Linking Heterotrophic Metabolism and Nutrient Uptake in Headwater Streams
Gray, Travis Michael
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Autotrophs and heterotrophs differ in their demand, acquisition and use of materials, but fundamentally nutrient demand is inherently linked to metabolism based on the stoichiometry of biochemical reactions. The differences between these two groups of organisms confound straightforward regression approaches to quantifying the relationship between nutrient demand and metabolism at an ecosystem level. We address how nutrient demand in headwater streams changes with shifts in organic matter supply and associated microbial activity by investigating these relationships in the predominantly heterotrophic conditions of a southern Appalachian stream. We measured litter input, organic matter standing crops, litter respiration rates and nitrate demand several times during the course of decomposition. There was a strong relationship between leaf standing crop and nitrate uptake efficiency across dates with maximal efficiency occurring when litter standing crops were highest. There was also an increase in nitrogen (N) uptake rate relative to respiration rates as breakdown progressed, which appears to be due to a shift in nutrient supply from the substrate to the water column associated with the depletion of labile, high quality organic matter in the substrate. It is our contention that streams establish a gradient of resource supply from particulate to dissolved sources that coincides with the movement of materials from terrestrial to marine systems.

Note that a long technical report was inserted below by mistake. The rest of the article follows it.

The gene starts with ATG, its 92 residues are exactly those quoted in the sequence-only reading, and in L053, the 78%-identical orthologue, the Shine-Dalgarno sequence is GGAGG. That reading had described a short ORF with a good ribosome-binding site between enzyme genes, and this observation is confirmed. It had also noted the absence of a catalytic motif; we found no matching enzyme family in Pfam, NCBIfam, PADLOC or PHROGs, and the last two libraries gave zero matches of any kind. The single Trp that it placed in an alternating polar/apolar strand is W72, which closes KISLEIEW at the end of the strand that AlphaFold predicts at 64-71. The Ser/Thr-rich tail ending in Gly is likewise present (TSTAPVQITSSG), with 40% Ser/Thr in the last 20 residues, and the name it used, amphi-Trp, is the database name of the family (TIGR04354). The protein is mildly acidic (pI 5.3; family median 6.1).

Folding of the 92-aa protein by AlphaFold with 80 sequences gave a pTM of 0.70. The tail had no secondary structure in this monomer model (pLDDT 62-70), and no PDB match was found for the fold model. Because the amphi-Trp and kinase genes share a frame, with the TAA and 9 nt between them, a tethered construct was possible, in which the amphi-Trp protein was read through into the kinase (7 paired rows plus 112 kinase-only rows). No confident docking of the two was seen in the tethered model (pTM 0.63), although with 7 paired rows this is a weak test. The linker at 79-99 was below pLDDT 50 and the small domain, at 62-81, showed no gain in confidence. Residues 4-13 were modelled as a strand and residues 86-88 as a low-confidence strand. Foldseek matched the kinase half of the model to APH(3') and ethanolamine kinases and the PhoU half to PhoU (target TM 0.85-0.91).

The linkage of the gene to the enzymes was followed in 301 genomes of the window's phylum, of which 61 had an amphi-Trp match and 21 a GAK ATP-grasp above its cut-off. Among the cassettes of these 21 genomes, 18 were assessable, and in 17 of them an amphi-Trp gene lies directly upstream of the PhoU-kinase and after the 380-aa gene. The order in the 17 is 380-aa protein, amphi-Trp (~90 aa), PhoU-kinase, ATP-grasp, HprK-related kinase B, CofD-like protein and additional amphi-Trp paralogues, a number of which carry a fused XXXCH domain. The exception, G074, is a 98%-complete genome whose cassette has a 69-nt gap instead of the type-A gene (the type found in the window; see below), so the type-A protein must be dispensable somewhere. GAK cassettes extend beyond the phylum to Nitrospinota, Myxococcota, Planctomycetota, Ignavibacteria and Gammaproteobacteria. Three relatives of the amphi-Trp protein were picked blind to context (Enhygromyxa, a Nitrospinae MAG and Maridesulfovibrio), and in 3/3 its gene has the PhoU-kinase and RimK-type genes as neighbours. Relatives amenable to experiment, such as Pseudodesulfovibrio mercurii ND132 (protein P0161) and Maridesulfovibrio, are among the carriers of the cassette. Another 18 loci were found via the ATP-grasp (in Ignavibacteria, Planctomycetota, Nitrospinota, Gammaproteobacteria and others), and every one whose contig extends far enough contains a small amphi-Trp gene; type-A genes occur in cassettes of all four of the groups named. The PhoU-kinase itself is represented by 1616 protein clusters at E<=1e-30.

- Masters Theses